The Windrush Scandal: May’s Britain Takes Us Back To The 1950s

As the Windrush scandal grips every news headline, Britain has been left in utter disbelief that our system has allowed such inhumane treatments to occur. From extreme cases of those denied cancer treatment, to those left homeless as a product of May’s ‘hostile immigration policy’, there is no shortage to the growing list of shame and horror. Despite the government’s promises to compensate for the distress caused to the scandal’s victims, I fear no amount of apologetic rhetoric or money can reverse the emotional and mental scars left upon the Windrush generation and its children. For May’s actions not only portray a lack of empathy towards the her victims but, more alarmingly, a lack of respect and regard that feels reminiscent of attitudes towards immigrants that plagued 1950s Britain.

Daily Mirror


As a second generation immigrant, my Fine Art practise at the University of Leeds seeks to navigate the notion of racially engineered spaces. The art specifically concerns my grandmother, Vera Couloute. Her encounters with racism after migrating to the UK from Saint Lucia in 1959 firmly place her within the Windrush Generation that dates from 1948-1973. Couloute spent the majority of her adult life cleaning the railway and working in hospitals in Rugby, where she endured daily racism. In a recent interview between Couloute and I, she recalls the racist jokes continuously made at her expense whilst working on the railway. She also recalls the racism she received working as a nursing assistant in a hospital. This was perhaps her most prominent recollection as to how difficult it was working within a space that socially rejected her, as she states:

“The sister took me to the ward and introduced me to an old woman sitting on her bed, she said, ‘Fluorine, that’s nurse Couloute, she will in the future be looking after you’. Then she stand up and she look at me, ‘oh she’s a mongrel’. Then, silly as I am, I did not know the meaning of the word. And from that day I say where I walk, we walk, black people, my colour, people will never have respect for us.”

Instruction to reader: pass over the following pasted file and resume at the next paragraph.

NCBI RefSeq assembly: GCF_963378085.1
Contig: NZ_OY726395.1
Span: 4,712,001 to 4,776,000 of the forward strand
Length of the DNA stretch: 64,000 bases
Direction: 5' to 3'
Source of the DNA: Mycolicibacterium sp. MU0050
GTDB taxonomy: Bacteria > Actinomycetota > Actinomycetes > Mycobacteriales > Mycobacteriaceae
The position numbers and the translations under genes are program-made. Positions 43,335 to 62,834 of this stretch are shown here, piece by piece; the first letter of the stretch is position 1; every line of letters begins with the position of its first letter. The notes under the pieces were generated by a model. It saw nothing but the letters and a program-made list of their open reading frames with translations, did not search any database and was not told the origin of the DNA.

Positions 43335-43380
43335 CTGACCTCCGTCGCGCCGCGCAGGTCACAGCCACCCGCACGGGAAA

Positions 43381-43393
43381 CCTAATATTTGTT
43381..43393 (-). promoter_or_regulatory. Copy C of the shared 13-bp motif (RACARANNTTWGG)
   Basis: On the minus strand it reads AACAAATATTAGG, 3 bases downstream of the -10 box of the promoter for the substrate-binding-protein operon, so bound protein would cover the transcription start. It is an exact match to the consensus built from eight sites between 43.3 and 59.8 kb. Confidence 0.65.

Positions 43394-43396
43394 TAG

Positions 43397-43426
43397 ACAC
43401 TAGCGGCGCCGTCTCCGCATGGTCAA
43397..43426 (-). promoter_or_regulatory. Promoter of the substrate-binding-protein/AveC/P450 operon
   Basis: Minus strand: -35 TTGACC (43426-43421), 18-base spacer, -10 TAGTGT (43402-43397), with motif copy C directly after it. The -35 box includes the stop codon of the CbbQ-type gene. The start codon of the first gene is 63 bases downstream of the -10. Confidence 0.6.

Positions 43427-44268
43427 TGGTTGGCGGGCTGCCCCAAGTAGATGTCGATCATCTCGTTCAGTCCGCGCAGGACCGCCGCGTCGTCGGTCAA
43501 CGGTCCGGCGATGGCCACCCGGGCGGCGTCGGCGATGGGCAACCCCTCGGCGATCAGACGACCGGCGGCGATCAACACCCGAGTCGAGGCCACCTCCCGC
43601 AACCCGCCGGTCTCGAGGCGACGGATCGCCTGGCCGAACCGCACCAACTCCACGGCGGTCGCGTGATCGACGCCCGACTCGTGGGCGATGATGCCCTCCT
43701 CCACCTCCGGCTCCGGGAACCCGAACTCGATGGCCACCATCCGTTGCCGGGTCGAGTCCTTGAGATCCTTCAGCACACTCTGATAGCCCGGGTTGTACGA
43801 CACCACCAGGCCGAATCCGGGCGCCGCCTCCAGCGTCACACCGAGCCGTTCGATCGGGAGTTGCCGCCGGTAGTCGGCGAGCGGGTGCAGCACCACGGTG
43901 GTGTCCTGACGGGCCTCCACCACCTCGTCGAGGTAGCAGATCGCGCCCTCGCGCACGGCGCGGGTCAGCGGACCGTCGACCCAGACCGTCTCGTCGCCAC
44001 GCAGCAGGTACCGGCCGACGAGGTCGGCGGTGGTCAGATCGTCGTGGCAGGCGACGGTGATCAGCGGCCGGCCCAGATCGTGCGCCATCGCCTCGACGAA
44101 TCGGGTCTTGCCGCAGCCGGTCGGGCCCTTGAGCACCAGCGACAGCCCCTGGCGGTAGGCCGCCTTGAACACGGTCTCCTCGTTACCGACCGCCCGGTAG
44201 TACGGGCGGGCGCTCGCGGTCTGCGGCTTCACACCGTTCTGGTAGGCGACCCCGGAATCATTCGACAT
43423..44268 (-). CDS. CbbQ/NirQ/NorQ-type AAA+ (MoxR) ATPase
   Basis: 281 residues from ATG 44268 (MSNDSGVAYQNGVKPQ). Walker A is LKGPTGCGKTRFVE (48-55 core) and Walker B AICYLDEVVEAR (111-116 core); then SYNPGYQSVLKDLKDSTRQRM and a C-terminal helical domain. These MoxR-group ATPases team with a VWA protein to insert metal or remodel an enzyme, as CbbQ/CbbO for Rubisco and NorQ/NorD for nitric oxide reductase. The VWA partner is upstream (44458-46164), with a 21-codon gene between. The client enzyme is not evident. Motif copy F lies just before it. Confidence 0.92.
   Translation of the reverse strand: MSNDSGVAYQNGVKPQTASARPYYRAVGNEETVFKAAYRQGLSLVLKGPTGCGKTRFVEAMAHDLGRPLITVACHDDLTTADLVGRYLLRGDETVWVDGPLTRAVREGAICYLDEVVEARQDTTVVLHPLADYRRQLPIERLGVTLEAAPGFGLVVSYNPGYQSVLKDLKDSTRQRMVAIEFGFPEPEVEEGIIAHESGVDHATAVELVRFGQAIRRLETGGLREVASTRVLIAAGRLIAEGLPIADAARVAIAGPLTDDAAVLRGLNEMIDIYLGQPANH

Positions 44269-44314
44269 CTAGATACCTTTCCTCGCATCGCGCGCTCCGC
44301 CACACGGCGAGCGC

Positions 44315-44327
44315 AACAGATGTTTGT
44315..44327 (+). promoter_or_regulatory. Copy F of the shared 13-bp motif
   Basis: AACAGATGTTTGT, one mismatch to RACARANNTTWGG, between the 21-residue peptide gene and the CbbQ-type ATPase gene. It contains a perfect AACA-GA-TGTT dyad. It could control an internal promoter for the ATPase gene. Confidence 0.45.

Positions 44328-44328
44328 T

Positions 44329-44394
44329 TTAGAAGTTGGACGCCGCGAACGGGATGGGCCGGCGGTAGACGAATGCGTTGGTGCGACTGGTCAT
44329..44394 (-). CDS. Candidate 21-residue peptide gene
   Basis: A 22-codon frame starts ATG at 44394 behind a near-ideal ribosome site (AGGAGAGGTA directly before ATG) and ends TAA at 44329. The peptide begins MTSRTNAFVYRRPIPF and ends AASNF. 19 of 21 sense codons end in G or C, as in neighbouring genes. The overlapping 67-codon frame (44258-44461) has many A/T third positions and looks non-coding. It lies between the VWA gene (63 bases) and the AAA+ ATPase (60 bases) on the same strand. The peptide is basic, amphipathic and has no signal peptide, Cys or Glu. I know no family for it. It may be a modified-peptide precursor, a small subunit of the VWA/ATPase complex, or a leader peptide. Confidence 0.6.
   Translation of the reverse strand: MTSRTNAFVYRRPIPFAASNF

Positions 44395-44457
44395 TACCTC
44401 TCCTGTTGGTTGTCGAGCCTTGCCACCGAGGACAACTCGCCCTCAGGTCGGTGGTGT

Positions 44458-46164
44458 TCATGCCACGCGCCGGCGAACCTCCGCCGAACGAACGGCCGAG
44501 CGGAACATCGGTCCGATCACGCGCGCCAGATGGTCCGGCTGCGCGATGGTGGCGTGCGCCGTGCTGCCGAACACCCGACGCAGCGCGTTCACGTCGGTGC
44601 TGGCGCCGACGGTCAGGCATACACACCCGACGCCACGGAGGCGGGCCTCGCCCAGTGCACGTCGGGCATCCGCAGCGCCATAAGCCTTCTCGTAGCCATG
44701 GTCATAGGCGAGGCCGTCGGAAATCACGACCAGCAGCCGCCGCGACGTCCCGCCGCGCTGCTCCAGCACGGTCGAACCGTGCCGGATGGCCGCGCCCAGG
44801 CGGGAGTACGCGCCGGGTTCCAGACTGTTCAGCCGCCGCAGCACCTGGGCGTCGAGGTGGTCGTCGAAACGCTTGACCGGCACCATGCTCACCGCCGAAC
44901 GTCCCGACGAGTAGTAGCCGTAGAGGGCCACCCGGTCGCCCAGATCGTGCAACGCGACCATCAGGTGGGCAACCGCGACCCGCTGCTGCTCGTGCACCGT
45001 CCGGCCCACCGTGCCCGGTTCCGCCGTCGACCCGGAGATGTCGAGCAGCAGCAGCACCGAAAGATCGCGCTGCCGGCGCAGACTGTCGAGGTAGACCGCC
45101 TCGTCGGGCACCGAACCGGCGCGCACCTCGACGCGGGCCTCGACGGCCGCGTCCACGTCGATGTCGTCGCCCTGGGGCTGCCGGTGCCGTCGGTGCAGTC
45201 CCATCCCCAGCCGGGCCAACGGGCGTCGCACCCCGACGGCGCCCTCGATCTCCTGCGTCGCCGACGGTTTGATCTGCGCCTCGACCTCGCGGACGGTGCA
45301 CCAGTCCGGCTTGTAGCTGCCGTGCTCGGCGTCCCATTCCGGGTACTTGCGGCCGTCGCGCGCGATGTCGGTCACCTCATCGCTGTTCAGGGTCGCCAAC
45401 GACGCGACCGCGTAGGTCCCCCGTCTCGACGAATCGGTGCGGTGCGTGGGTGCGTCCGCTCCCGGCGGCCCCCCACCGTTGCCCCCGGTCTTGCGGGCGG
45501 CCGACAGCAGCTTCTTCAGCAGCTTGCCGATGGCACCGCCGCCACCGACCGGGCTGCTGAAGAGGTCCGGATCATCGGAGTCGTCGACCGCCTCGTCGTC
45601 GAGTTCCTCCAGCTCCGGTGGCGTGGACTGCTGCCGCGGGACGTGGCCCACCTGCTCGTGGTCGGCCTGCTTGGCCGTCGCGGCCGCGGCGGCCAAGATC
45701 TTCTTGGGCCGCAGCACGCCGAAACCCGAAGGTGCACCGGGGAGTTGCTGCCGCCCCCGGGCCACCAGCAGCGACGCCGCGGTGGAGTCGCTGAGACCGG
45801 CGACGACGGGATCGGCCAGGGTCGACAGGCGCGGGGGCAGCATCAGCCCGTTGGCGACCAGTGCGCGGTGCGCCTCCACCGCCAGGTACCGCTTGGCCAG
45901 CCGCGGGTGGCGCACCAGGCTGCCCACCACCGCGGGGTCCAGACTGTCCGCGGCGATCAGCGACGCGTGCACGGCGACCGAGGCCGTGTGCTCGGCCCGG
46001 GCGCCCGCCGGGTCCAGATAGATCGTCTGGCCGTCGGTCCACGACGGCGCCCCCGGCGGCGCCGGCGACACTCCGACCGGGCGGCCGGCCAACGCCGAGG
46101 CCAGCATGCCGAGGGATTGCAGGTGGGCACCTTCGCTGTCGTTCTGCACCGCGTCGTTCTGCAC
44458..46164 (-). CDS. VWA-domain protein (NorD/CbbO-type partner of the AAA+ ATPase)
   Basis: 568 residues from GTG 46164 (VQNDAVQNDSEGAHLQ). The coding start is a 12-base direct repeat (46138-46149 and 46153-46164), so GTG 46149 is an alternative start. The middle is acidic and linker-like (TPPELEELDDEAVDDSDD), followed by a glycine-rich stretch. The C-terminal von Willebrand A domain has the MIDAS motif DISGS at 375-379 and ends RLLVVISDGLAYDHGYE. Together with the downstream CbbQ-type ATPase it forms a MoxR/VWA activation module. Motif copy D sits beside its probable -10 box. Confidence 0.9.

The encounter demonstrates a first-hand account of a Windrush immigrant’s experiences with racism during the 1950s. The patient’s inability to perceive Couloute as a human being – which is initially misunderstood by a young Couloute, making the tale all the more difficult to digest – infers the attitudes in place towards Black immigrants at the time. Couloute’s acknowledgment that people “will never have respect for us” in reference to Black people in Britain in the 1950s is a sentiment that feels sadly reminiscent of Theresa May’s lack of respect and care towards individuals from ethnic minority backgrounds today.



However, I might also add that, whilst alluding to my grandmother’s experiences with racism, I became significantly aware of the institutionally racist structures that resonate within the very Fine Art school of which I am a part of. For example, it became distressingly obvious that the cleaner of the school, a Black Woman whom I know now to be an immigrant from Ghana through shadowing her, has, every morning for the past twelve years cleaned the floors walked upon by a majority white team of teaching staff, and, a majority white populated student body. Although Couloute’s experiences with racism differ in severity to that of the school’s current cleaner, the spaces Windrush generation migrants and its descendants occupy within institutions fifty years on is still problematic. This is largely concerning the lack of equal opportunities within institutions such as universities. Now we are also seeing an institutional failure on the government’s part to secure the safety of Windrush citizens within the conservative party’s strict immigration policies.

What is clear is that, despite liberal values and ideas of progression being preached on institutional levels, the current treatment of migrants is returning the UK to a post-war era. The Windrush generation are now reminded of the same disrespectful and ignorant attitudes that made their migration so emotionally traumatic. Theresa May cannot erase the damage she has caused through such an insensitive policy, shattering a sense of belonging within this country among the Windrush generation, belittling the very spaces they have occupied since 1948. Our resistance as a society to prevent the inhumane policies of the conservative party from prevailing is, however, something we must hold on to and remember in times that threaten the humanity of others.

Hannah Marsh

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